CD: How do you find yourself allowing for freedom of expression as an artist and poet, particularly when you have set up a constraint or series of constraints for that project in advance of its creation?
GK: Unconditional freedom is an incoherent idea to me. Everything comes with constraints and conditions! Freedom and constraints go together. Another way of saying this is that constraints always both disable and enable different things on different levels. The human skeleton restricts the number of shapes your body can adopt, but it allows you to lift things and run and jump and move, and protects your organs and all kinds of other things. A house closes you off from the outside, but it allows you to have shelter, protection, warmth and privacy and different spaces in which to do different kinds of activities. Any form of organisation is essentially a set of constraints and the freedoms those constraints open up. One might object that art and poetry cannot be reduced to practical function in the same way as skeletons and houses, but they certainly do function. They certainly have and need constraints. I think ideas like ‘creativity’ and ‘art’ are often romantically associated with a notion of ‘radical freedom’, and ideas like ‘structure’, ‘constraints’ and ‘organisation’ can seem counterintuitive in that context. But everything has structure. Everything has constraints.
From another, more concrete, angle, constraints are very important to my writing process. When sitting down to write, the number of possibilities is overwhelming, sometimes paralysing. Setting up some constraints from the outset helps reduce this weight, actually frees me to write. There are so many different kinds of constraints one can play with too: thematic, conceptual, quantitative, structural, processual, material, etc. Sometimes I impose them arbitrarily and other times they are the product of conscious design. Strangely, chance itself can be a powerful constraint and driving force, like the way dice are used to progress a board game (or a decision you can’t be fucked making yourself). Further, constraints can actually take (or force) you down paths you could never anticipate or even imagine, let alone have chosen for yourself. They can take me outside myself, outside my own habits, inclinations and prejudices.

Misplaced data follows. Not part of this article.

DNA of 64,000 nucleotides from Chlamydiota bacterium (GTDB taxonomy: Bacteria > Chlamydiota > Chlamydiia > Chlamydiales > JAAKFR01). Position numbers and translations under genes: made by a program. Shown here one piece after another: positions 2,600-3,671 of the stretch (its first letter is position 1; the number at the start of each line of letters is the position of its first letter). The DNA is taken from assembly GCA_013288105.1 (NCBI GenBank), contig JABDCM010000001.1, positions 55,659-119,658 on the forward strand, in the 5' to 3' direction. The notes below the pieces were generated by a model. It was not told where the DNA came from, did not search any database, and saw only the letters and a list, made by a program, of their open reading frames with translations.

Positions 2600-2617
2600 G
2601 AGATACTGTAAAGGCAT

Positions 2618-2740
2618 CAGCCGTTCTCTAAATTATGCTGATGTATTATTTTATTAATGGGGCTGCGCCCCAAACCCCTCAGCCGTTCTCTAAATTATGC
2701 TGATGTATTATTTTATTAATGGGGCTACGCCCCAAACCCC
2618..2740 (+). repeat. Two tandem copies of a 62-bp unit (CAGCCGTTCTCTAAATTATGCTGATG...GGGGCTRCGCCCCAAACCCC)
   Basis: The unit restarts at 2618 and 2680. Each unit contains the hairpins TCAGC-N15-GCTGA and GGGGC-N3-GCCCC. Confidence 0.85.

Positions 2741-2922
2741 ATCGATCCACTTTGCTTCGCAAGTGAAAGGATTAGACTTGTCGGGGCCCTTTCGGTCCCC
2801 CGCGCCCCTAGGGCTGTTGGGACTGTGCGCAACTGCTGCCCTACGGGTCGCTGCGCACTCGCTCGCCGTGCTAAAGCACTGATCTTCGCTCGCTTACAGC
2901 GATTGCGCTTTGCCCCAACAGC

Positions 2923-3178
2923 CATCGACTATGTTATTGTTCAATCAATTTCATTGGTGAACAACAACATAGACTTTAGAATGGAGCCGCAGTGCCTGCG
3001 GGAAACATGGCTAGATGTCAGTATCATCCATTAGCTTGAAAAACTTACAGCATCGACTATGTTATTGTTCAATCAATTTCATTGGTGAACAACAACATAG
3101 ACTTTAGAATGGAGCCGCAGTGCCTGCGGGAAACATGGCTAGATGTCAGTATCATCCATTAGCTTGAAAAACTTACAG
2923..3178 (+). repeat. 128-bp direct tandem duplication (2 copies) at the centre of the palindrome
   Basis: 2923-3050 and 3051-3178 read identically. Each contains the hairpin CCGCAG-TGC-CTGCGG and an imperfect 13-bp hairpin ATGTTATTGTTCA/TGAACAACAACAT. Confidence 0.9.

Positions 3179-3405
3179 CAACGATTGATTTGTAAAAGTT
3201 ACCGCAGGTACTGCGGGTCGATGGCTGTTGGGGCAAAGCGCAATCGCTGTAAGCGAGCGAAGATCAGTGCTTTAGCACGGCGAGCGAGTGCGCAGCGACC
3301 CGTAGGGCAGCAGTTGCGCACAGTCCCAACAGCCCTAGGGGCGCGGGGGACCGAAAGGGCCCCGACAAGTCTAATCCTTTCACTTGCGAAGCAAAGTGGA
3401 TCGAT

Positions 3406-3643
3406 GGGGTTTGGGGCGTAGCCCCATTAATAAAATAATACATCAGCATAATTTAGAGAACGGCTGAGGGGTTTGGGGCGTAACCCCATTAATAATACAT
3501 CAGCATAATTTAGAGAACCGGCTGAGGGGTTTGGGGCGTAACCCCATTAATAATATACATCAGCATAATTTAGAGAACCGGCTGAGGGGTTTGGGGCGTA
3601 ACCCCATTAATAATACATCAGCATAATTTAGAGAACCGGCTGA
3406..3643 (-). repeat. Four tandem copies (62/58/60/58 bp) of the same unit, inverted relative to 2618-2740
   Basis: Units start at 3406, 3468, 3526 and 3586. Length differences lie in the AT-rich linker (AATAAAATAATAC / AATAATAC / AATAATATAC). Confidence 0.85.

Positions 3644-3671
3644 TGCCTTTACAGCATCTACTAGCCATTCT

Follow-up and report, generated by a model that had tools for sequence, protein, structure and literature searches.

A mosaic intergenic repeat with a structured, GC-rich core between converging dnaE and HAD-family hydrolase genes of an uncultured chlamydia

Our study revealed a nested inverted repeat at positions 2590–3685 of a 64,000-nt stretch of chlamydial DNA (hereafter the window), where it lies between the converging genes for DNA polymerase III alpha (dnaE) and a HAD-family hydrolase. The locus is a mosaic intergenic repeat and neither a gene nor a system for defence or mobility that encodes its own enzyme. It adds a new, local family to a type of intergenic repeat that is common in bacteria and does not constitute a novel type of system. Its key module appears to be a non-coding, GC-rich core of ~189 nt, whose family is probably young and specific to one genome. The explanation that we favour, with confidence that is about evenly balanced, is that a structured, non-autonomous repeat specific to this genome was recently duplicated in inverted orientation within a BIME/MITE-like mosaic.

CD: Recently, you and Matilda Fraser developed a poetic spoken word text for Enjoy Gallery’s I Digress exhibit. A particular theme in your work is that of memory, and the concepts of biography and autobiography. How does collaboration serve the expression of memory in your work?
GK: This is a huge one for me and again I think I can only respond in very broad strokes. To me, writing is an externalised form of memory. Writing is a form of memory prosthesis. Digital information is yet another intensification and acceleration of this prosthetic. I’m very interested in the fact that these kinds of ‘external memory’ are also manipulable and transformable. I’m also fascinated by the ways in which we are haunted (and even controlled) by our writing and our data. Our relationship to time, to the past and the future, is also deeply entangled with our representations of the past and the future. There is also of course the implication and pathos of finitude and mortality when one talks about writing and memory. All of these aspects and problems of ‘memory’ are present whenever I write. There are so many strange loops here. I love provoking and invoking them in my writing, whether implicitly or explicitly.
CD: I find that with collaboration, it is easy to feel a sense of comprehension and understanding when working with a close friend or partner. But, as you said earlier, language is a shared and universal construct. It would be amazing to witness a poet capable of using this medium to generate collaboration on a larger scale. Would you consider engaging in collaborative work on a grand scale? What might this look like, for you, as a poet?